13. 13.

    Lowry OH, Rosebrough NJ, Farr AL, Randal RJ (1951) Protein measurement with the Folin phenol reagent. J Biochem Chem 19:265–275

  14. 14.

    Ohkawa H, Ohishi N, Tagi K (1979) Assay for lipid peroxides in animal tissues by thiobarbituric acid reaction. Anal Biochem 95:351–358

  15. 15.

    Cortas NK, Wakid NW (1990) Determination of inorganic nitrate in serum and urine by a kinetic cadmium-reduction method. Clin Chem 36:1440–1443

  16. 16.

    Eckerson HW, Wyte CM, La Du BN (1983) The human serum paraoxonase/arylesterase polymorphism. Am J Hum Genet 35:1126–1138

  17. 17.

    Aebi H (1984) Catalase in vitro. Methods Enzymol 105:121–126

  18. 18.

    Erel O (2004) A novel automated method to measure total antioxidant response against potent free radical reactions. Clin Biochem 37:112–119

  19. 19.

    Erel O (2005) A new automated colorimetric method for measuring total oxidant status. Clin Biochem 38:1103–1111

  20. 20.

    Ozturk E, Balat O, Acılmıs YG, Ozcan C, Pence S, Erel O (2011) Measurement of the placental total antioxidant status in preeclamptic women using a novel automated method. J Obstet Gynaecol Res 37:337–342

  21. 21.

    Aslan M, Sabuncu T, Kocyigit A, Celik H, Selek S (2007) Relationship between total oxidant status and severity of diabetic nephropathy in type 2 diabetic patients. Nutr Metab Cardiovasc Dis 17:734–740

  22. 22.

    Yilmaz HR, Uz E, Yucel N, Altuntas I, Ozcelik N (2004) Protective effect of caffeic acid phenethyl ester (CAPE) on lipid peroxidation and antioxidant enzymes in diabetic rat liver. J Biochem Mol Toxicol 18:234–238

  23. 23.

    Kumar A, Kaundal RK, Iyer S, Sharm SS (2007) Effects of resveratrol on nerve functions, oxidative stress and DNA fragmentation in experimental diabetic neuropathy. Life Sci 80:1236–1244

  24. 24.

    Umesalma S, Sudhandiran G (2010) Differential inhibitory effects of the polyphenol ellagic acid on inflammatory mediators NF-kappaB, iNOS, COX-2, TNF-alpha, and IL-6 in 1, 2-dimethylhydrazine-induced rat colon carcinogenesis. Basic Clin Pharmacol Toxicol 107:650–655

  25. 25.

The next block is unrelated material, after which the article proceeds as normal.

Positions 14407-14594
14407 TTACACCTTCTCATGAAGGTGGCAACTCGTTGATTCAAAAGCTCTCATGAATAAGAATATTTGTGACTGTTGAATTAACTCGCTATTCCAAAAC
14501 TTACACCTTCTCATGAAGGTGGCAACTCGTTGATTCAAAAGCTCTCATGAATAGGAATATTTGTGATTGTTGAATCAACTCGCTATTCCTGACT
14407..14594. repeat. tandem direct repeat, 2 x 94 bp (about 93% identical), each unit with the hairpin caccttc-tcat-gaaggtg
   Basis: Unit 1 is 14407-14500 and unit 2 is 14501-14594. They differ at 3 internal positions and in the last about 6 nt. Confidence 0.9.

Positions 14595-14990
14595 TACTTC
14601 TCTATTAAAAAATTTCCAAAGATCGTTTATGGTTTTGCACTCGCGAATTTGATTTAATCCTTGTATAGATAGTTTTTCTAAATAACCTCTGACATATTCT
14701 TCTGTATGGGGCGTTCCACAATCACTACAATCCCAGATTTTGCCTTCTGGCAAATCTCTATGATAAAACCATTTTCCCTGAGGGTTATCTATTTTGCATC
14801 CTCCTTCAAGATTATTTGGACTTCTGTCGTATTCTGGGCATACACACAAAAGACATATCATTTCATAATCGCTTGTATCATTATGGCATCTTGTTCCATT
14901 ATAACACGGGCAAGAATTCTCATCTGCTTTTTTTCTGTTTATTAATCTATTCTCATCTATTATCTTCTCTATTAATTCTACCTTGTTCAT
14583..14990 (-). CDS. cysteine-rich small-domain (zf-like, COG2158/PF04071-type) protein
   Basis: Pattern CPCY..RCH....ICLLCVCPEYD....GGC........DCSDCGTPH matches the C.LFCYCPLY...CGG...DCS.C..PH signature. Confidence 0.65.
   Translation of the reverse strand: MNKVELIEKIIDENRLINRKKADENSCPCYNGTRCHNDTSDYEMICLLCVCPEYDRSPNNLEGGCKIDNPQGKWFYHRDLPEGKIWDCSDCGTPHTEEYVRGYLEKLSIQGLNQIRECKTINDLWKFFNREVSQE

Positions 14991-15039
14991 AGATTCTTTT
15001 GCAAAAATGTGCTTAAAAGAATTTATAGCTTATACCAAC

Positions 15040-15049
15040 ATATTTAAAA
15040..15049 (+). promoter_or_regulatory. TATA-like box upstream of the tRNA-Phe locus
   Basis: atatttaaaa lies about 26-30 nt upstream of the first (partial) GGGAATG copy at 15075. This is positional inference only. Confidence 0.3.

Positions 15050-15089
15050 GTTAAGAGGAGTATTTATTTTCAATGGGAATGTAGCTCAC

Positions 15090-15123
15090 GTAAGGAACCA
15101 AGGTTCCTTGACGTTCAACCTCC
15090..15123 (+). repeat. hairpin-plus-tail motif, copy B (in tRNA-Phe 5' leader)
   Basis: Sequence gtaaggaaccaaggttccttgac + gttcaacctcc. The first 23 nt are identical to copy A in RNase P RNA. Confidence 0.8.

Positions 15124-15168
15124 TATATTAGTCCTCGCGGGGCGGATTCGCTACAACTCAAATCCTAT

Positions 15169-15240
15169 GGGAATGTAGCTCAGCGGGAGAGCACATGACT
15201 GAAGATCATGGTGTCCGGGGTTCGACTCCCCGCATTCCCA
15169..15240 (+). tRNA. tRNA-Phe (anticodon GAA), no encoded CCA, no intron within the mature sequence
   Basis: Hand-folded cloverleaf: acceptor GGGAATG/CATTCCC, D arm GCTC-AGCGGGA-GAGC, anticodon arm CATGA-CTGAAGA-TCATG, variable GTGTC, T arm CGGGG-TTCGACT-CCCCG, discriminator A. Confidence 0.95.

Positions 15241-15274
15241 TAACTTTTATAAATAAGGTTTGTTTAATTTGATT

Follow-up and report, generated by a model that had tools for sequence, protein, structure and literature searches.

Maes M, Galecki P, Chang YS, Berk M (2011) A review on the oxidative and nitrosative stress (O&NS) pathways in major depression and their possible contribution to the (neuro) degenerative processes in that illness. Prog Neuropsychopharmacol Biol Psychiat 35:676–692

  26. 26.

    Chao PC, Hsu CC, Yin MC (2009) Anti-inflammatory and anti-coagulatory activities of caffeic acid and ellagic acid in cardiac tissue of diabetic mice. Nutr Metab (Lond). doi:10.1186/1743-7075-6-33

  27. 27.

    Chao CY, Mong MC, Chan KC, Yin MC (2010) Anti-glycative and anti-inflammatory effects of caffeic acid and ellagic acid in kidney of diabetic mice. Mol Nutr Food Res 54:388–395

  28. 28.

    Kawanishi K, Ueda H, Moriyasu M (2003) Aldose reductase inhibitors from the nature. Curr Med Chem 10:1353–1374

  29. 29.

    Nambu H, Kubo E, Takamura Y, Tsuzuki S, Tamura M, Akagi Y (2008) Attenuation of aldose reductase gene suppresses high-glucose-induced apoptosis and oxidative stress in rat lens epithelial cells. Diabetes Res Clin Pract 82:18–24

  30. 30.

    Inoue M, Suehiro T, Nakamura T, Ikeda Y, Kumon Y, Hashimoto K (2000) Serum arylesterase/diazoxonase activity and genetic polymorphisms in patients with type 2 diabetes. Metabolism 49:1400–1405

  31. 31.

    Stefanovic A, Kotur-Stevuljevic J, Spasic S et al (2010) HDL 2 particles are associated with hyperglycaemia, lower PON1 activity and oxidative stress in type 2 diabetes mellitus patients. Clin Biochem 43:1230–1235

  32. 32.

    Jafarnejad A, Bathaie SZ, Nakhjavani M, Hassan MZ (2008) Effect of spermine on lipid profile and HDL functionality in the streptozotocin-induced diabetic rat model. Life Sci 82:301–307

  33. 33.

    Rosenblat M, Hayek T, Aviram M (2006) Anti-oxidative effects of pomegranate juice (PJ) consumption by diabetic patients on serum and on macrophages. Atherosclerosis 187:363–371

  34. 34.

    Kabay SC, Ozden H, Guven G et al (2009) Protective effects of vitamin E on central nervous system in streptozotocin-induced diabetic rats. Clin Invest Med 32:314–321

Download references

Author information

Correspondence to Ertugrul Uzar.

Rights and permissions

Reprints and Permissions

About this article

Cite this article

Uzar, E., Alp, H., Cevik, M.U. et al. Ellagic acid attenuates oxidative stress on brain and sciatic nerve and improves histopathology of brain in streptozotocin-induced diabetic rats. Neurol Sci 33, 567–574 (2012). https://doi.org/10.1007/s10072-011-0775-1

Download citation

Keywords

  • Diabetic brain
  • Nerve
  • Oxidative stress
  • Ellagic acid
  • Neuroprotective